Thursday, February 2, 2012

I wonder what he was thinking?

It was a day not like any other in his life. My dad was landing on Anzio Beachhead in Italy. The landing went very smooth, there was no German presence. The commanders talked about it and decided not to push forward right away fearing that they would be in a bad spot. That was a mistake! They were spotted on the beach!

After being spotted the Germans brought reinforcements in. This was the beginning of a tough campaign for the brave Anzio Beachhead veterans. The beach was at the bottom of high cliffs, so the enemy had a clear advantage. Dad said it was like being stuck on a billiard table. They had to carom and bounce from place to place to avoid being shot.

I wonder what his thoughts were? When your running for cover are you just waiting for the bullet to hit? Are you praying for God to protect you? Are you running as fast as you can, but it doesn’t feel like your moving at all? Does it feel like you’ve been out from cover too long and your time is up? Can you even think at all?

They eventually made it off the beach. My Dads unit was at the factory. This place was an old Italian factory the Germans had used for other purposes. They were eating breakfast when someone spotted what they thought was a German soldier. Then, no it’s not, yes it is. Well it was! The soldier began to communicate that they should give up because they were surrounded by tanks.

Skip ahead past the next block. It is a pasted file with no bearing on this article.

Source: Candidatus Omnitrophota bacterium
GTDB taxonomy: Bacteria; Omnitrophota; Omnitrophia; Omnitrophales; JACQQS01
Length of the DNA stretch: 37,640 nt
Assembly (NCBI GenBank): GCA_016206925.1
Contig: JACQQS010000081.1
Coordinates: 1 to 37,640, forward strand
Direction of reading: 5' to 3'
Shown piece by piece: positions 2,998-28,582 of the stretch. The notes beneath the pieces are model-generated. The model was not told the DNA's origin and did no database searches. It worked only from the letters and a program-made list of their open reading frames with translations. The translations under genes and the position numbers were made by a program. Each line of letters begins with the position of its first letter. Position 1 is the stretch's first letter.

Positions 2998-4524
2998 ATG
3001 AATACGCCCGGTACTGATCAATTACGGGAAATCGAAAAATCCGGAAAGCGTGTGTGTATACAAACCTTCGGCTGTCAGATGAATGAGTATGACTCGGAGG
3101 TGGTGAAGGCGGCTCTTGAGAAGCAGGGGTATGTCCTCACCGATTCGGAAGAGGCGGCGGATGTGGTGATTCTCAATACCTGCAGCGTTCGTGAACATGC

As they were being marched off my Uncle’s division watched from a hill. Live to fight another day I guess. What was my Dad thinking when being led away? Am I ever going to make it home now? Will we be beaten and interrogated? Can you see your wife in your mind and just yearn to be transported back home? Are you transported back home in an instant when everything that’s most important to you rushes back into your senses?

Fortunately they were set free after the war ended and helped themselves to eggs from farms to eat while making there way back to home lines. It’s to late now for me to ask my Dad so many of the things I should have. I hope if you read this and still have your parents, that you waste no more time, but cherish the time and talk more. They’re lives are full of stories.

Thanks to my sister Lois for most of the information I have of my fathers Army days.

Love one another!







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